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Insomnia is trouble falling asleep or staying asleep through the night.
Episodes may come and go (episodic), last up to 3 weeks (short-term), or be long-lasting (chronic).
Sleep disorder - insomnia; Learned insomnia; Chronic insomnia; Primary insomnia
Causes, incidence, and risk factors
Sleep habits we learned as children may affect our sleep behaviors as adults. When we repeat these behaviors over many years, they become habits.
Poor sleep or lifestyle habits that may cause insomnia or make it worse:
The use of some medications and drugs may also affect sleep:
Physical, social, and mental health issues can affect sleep patterns, including:
With age, sleep patterns tend to change. Many people find that aging causes them to have a harder time falling asleep, and that they wake up more often.
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The most common complaints or symptoms in people with insomnia are:
People who have insomnia sometimes keep thinking about getting enough sleep. The more they try to sleep, the more frustrated and upset they get, and the harder sleep becomes.
A lack of restful sleep can affect your ability to do your daily activities because you are tired or have trouble concentrating.
Signs and tests
Your health care provider will do a physical exam and ask you questions about your current medications, drug use, and medical history. Usually, these are the only methods needed to diagnose insomnia.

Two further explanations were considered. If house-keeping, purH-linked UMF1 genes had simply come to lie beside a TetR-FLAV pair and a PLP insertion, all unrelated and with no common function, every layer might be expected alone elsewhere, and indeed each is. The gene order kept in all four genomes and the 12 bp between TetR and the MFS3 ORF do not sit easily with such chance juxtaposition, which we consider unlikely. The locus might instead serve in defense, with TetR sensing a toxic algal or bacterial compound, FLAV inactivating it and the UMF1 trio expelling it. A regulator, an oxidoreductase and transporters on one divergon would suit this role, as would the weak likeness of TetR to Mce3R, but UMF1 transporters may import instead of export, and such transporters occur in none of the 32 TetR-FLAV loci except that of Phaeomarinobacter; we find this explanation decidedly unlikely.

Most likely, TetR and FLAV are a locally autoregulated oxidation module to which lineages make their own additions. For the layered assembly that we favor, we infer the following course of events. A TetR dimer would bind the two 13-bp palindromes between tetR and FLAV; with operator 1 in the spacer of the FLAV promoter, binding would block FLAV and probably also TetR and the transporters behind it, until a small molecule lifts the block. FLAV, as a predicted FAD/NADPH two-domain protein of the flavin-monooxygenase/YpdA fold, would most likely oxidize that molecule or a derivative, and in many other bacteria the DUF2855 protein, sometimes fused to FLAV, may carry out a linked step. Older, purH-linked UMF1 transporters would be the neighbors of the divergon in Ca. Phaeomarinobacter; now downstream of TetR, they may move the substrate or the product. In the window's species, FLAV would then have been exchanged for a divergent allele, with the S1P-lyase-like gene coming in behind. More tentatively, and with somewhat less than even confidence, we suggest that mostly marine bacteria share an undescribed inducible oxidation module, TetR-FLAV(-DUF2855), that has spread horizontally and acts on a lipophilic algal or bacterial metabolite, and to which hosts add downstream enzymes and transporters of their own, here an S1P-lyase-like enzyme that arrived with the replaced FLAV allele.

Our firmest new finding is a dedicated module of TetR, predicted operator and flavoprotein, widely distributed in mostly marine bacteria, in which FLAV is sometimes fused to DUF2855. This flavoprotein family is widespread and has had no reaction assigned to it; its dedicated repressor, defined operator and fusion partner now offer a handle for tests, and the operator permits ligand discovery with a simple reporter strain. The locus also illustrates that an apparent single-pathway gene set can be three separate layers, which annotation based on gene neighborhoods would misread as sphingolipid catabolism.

It is important to remember that not getting 8 hours of sleep every night does not mean you are putting your health at risk. Different people have different sleep needs. Some people do fine on 6 hours of sleep a night. Others only do well if they get 10 to 11 hours of sleep.
Treatment often begins by reviewing any drugs or medical conditions that may be causing your insomnia or making it worse.
Thinking about any lifestyle and sleep habits that may be affecting your sleep is an important next step. This is called sleep hygiene. Making some changes in your sleep habits may improve or solve your insomnia.
Using medicine to treat insomnia can sometimes be useful, but there can be risks.
It may help to see a psychiatrist or other mental health provider to test for a mood or anxiety disorder that can cause insomnia.
Most people are able to sleep by practicing good sleep hygiene. See a doctor if you have insomnia that does not improve.
Daytime sleepiness is the most common complication of insomnia. There is also evidence that a lack of sleep can lower your immune system's ability to fight infections.
A lack of sleep is also a common cause of auto accidents. If you are driving and feel sleepy, take a break.
Calling your health care provider
Call your doctor if insomnia has become a problem.
Wickwire EM, Collop NA. Insomnia and sleep-related breathing disorders. Chest. 2010;137:1449-1463.
Morgenthaler T, Kramer M, Alessi C, Friedman L, Boehlecke B, Brown T, et al. Practice parameters for the psychological and behavioral treatment of insomnia: an update. An American Academy of Sleep Medicine report. Sleep. 2006;29:1415-1419.
Vitiello MV, Rybarczyk B, Von Korff M, Stepanski EJ. Cognitive behavioral therapy for insomnia improves sleep and decreases pain in older adults with co-morbid insomnia and osteoarthritis. J Clin Sleep Med. 2009;5:355-362.
Reviewed by:David B. Merrill, MD, Assistant Clinical Professor of Psychiatry, Department of Psychiatry, Columbia University Medical Center, New York, NY. Also reviewed by David Zieve, MD, MHA, Medical Director, A.D.A.M., Inc.
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